POLITICS

Lee Terry Apologizes For Refusing To Give Up Salary During Shutdown To Pay For His 'Nice House'

10/06/2013 02:37 pm 14:37:26 | Updated Oct 07, 2013

Rep. Lee Terry (R-Neb.) apologized Saturday for previously refusing to give up his congressional salary during the federal government shutdown, deciding instead to have his paycheck withheld until the shutdown is over.

"The other day I made a statement that I would put my needs above others in crisis," Terry said in a statement. "I'm ashamed of my comments. It was not leadership. It is not how I was raised... I apologize for my hurtful remarks when so many others are feeling the pain of Washington’s dysfunction."

He continued, “I should and will stand in the shoes of the federal civilian employees who are furloughed. We share the same responsibilities to pay our bills and if they don't receive a paycheck and must take extraordinary efforts and sacrifice to pay them, then I should too."

Last week, Terry was asked by the Omaha World-Herald Bureau whether he would keep his salary for the duration of the budget standoff.

"Dang straight," he replied.

The congressman said his colleagues who were giving up their salaries were largely doing so for the publicity.

"Whatever gets them good press," Terry said. "That's all that it's going to be. God bless them. But you know what? I've got a nice house and a kid in college, and I'll tell you we cannot handle it. Giving our paycheck away when you still worked and earned it? That's just not going to fly."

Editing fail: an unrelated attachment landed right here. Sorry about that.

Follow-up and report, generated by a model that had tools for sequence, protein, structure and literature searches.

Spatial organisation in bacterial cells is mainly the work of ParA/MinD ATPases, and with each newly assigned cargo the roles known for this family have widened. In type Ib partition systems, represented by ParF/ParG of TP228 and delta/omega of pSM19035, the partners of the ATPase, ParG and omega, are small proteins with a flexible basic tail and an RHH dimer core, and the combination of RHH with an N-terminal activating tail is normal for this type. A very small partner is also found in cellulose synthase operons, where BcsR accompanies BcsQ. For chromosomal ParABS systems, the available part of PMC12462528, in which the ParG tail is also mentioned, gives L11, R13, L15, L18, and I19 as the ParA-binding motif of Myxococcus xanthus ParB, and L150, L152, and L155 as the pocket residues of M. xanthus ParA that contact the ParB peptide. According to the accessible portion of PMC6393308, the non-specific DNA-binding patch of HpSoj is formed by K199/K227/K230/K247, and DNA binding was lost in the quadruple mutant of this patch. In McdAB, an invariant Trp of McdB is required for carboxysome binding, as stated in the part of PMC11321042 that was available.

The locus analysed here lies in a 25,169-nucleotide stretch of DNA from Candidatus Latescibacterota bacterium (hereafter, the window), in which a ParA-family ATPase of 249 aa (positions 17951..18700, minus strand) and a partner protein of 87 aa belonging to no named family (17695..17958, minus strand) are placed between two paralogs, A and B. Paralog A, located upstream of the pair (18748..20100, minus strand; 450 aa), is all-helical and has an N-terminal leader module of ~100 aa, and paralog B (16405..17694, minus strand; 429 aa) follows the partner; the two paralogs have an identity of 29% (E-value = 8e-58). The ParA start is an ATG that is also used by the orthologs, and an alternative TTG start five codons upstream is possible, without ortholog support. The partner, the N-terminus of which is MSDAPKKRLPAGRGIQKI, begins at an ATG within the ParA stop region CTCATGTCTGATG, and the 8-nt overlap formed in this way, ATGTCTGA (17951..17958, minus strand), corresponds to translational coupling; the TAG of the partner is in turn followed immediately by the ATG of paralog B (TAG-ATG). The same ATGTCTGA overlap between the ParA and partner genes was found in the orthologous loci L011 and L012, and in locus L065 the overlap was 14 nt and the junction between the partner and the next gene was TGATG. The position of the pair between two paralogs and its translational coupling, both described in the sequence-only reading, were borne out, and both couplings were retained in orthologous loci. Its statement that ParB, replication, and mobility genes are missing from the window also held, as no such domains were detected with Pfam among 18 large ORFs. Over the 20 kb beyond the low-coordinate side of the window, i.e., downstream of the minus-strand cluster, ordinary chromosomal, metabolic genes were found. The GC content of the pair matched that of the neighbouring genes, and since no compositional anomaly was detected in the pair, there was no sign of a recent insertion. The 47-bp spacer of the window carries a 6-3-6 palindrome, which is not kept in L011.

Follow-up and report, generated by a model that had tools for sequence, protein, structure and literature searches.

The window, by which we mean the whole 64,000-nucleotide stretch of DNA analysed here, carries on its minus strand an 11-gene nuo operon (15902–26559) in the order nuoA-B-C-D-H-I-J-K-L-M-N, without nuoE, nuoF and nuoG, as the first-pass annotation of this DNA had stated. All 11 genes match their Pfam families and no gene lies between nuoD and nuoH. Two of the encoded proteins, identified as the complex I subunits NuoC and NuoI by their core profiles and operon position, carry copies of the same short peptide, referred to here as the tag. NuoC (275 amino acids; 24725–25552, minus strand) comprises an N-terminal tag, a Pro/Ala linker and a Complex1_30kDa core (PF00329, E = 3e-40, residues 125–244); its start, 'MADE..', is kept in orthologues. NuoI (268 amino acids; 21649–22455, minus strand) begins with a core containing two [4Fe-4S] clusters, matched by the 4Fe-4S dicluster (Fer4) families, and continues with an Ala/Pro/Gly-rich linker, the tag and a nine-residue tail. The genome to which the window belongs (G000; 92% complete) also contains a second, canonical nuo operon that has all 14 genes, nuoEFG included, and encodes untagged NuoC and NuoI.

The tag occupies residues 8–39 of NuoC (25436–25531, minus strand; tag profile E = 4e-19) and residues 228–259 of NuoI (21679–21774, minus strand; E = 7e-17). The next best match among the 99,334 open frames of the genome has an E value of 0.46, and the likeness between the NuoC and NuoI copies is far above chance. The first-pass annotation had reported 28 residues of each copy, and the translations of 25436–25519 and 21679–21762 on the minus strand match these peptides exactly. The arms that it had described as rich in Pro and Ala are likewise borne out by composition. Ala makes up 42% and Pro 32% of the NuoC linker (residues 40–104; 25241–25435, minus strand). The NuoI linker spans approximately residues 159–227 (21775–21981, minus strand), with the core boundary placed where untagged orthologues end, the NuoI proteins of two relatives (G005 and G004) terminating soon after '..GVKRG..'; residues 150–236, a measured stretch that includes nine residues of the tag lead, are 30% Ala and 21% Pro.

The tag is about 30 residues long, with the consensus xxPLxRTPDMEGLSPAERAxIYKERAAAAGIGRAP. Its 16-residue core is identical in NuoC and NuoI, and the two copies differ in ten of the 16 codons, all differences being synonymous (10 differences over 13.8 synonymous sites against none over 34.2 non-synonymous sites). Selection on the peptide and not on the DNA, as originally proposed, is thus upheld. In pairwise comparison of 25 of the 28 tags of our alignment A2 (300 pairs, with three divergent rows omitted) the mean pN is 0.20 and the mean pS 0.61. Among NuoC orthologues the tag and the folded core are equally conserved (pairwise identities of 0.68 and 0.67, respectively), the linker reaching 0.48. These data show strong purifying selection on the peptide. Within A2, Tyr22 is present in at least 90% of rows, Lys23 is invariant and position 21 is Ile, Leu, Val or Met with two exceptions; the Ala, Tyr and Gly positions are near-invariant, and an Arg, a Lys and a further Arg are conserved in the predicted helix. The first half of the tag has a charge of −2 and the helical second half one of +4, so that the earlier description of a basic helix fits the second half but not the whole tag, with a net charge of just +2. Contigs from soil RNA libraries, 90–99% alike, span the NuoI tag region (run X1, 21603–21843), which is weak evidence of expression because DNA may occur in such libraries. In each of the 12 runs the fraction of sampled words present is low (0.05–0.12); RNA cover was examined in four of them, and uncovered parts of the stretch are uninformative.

Over 800,000 federal workers are currently furloughed due to the shutdown. On Saturday, the House voted to grant backpay to these workers; however, the checks could be delayed for some time depending on how long the shutdown lasts.

Members of Congress will continue to earn their constitutionally-protected salaries — $174,000 annually for rank-and-file members — throughout the shutdown. Over 100 members have said they will either refuse or donate their earnings until the government reopens.

Nebraska Democratic Party Executive Director Jim Rogers called Terry's apology "fake" and criticized him for having his paycheck withheld but not donating it to charity.

"It's a shame that it took massive public outcry for Congressman Terry to realize what everyday Nebraskans already know: voting for an irresponsible government shutdown and keeping his paycheck are Washington values, not Nebraska values," said Rogers in a statement. "Congressman Terry is playing Washington games now and trying to have it both ways, but Congressman Terry can't run way [sic] from his vote to shut down the government nor from the fact that he will get his backpay as soon as the shutdown ends. The true apology Terry should be giving is the fact he got us in to this mess that hurts middle class Nebraskans."

This piece has been updated with Rogers' statement.

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